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A Simple Question: “Number of Pregnancies”

by Sydna A. Masse

One thing I never expected during my teenage pregnancy and subsequent abortion was how difficult it would be to be honest about this procedure on a routine doctor’s intake form. I felt deep fear each time I encountered one of the most difficult questions for a post-abortive woman: number of pregnancies.

My abortion in 1981 was a closely held secret for many years. I was hesitant to share it with anyone, especially a physician. Fear of condemnation and my own shame never over-ruled my own conscience and I was normally truthful. As each new doctor reviewed my form, and sometimes clarified the fact that I had an abortion, my heart would break. Rarely did I allow my emotions to surface yet regardless of how the question was asked, I always felt the physician’s judgment.

The Alan Guttmacher Institute of Reproductive Health, states that “At current rates, 43% of all women will experience abortion at least once by the time they are 45 years of age.” If abortion is such a common experience, why do you rarely hear women share about their own abortion experience?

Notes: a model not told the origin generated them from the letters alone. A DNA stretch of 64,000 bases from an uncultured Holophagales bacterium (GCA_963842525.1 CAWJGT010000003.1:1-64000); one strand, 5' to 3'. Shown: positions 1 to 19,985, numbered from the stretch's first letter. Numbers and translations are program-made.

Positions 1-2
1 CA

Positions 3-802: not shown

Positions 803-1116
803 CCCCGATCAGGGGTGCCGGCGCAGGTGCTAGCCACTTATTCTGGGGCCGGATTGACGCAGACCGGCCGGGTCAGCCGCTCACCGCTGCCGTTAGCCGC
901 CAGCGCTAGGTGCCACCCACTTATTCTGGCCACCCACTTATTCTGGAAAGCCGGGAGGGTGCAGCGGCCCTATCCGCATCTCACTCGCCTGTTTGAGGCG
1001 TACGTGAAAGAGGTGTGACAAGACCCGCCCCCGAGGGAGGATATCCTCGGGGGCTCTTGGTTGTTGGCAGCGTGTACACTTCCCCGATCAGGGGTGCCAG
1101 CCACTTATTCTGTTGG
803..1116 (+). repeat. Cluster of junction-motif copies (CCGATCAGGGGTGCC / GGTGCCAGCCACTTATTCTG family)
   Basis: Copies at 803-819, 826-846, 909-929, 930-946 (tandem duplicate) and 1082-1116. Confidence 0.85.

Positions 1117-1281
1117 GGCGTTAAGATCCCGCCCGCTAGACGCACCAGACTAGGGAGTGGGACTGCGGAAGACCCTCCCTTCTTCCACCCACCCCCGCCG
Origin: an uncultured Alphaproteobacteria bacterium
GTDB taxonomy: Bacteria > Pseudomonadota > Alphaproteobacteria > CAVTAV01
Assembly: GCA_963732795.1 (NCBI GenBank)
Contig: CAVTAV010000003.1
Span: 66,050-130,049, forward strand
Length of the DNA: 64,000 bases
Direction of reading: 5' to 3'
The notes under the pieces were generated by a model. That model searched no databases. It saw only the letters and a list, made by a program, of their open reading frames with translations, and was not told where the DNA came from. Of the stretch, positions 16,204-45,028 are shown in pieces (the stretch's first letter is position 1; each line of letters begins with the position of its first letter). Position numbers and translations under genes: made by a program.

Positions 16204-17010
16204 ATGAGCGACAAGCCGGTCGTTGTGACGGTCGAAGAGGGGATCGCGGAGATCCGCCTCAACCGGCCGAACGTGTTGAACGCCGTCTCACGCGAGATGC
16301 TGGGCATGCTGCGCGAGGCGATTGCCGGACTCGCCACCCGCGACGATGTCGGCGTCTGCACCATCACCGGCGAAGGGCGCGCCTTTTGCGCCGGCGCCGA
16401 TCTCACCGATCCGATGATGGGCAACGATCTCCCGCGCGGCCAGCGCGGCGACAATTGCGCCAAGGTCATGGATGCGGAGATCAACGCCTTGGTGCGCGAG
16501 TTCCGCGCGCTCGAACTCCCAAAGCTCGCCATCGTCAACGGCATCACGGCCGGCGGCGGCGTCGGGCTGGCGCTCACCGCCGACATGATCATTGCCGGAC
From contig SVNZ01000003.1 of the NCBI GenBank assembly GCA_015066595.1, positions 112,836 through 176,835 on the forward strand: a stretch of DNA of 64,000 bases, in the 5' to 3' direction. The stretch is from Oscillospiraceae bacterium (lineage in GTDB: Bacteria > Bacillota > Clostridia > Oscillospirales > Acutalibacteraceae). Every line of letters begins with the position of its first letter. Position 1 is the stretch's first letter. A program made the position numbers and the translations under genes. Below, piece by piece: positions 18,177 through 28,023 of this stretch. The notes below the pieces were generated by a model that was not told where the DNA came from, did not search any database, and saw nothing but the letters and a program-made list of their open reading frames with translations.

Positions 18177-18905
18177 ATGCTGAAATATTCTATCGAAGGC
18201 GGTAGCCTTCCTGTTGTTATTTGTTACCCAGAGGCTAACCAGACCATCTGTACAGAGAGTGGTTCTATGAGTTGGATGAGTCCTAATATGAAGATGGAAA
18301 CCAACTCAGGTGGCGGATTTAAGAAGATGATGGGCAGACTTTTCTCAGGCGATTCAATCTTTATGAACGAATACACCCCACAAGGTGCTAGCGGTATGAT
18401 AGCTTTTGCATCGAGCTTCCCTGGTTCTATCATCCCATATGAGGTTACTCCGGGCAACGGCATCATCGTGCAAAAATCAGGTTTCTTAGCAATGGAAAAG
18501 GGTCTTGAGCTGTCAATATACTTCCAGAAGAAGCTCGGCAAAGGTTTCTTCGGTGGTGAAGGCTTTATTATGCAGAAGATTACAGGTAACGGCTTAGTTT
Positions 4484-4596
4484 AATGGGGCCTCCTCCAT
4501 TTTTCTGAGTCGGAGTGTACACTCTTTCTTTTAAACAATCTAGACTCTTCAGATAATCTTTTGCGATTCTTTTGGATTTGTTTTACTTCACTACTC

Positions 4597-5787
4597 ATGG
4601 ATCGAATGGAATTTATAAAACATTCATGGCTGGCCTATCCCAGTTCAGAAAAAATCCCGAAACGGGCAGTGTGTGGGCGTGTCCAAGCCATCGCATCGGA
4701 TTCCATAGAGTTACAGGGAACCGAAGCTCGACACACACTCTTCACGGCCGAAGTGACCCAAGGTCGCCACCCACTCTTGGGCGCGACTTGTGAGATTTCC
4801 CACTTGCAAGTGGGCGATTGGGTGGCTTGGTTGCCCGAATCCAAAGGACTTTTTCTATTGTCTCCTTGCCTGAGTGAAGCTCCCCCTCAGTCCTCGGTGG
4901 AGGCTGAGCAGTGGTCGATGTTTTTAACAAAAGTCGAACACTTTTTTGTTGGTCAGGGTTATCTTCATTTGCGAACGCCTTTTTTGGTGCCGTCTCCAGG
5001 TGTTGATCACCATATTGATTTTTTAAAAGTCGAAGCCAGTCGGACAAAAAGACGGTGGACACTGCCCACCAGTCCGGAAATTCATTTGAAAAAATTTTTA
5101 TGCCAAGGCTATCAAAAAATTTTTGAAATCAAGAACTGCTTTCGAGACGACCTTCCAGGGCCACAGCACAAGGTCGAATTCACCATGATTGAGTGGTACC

Most of us chose abortion to erase a mistake. Many felt it was our only choice. Like Feminist Frederica Matthews-Green once stated, “a woman doesn’t want an abortion like an ice-cream cone or a Porsche, but like an animal caught in a trap who gnaws off its own leg.”

Years after an abortion many women come to regret this choice. In order to hide our pain and grief, we isolate this memory and five great physical energy to the task of forgetting it ever happened. We avoid triggers of the memory in order to keep our skeleton hung firmly in closets of our minds. Yet life is full of reminders — a child that is the same age as our aborted baby, a gynecological exam, a dentist drill that reminds us of the sounds of the abortion [center], subsequent pregnancies, and that simple question.

I remember struggling with infertility in 1987. I was terrified that my abortion could be connected to my closed womb. When my doctor confirmed these fears by saying that uterine scarring and blocked tubes could result from a less than perfect abortion procedure, I was instantly terrified. He must have understood the fear in my eyes because he wasn’t judgmental. A test was recommended: a hysterosalpingogram — to determine his suspicions.

I didn’t expect the procedure to feel physically like the abortion. Intense uterine cramping quickly sent me back to the abortionist’s table where I had endured an abortion without benefit of anesthesia. The teenage memory I worked to contain flashed instantly to the surface of my mind. Afterwards my abortion experience was so close that it seemed only a day had passed instead of six years. The humiliation, physical pain and intense fear were right in my throat again and I found myself crying through most of the night. Later the doctor would explain that the dye had cleared my tubes and ten days later I became pregnant with my beloved son.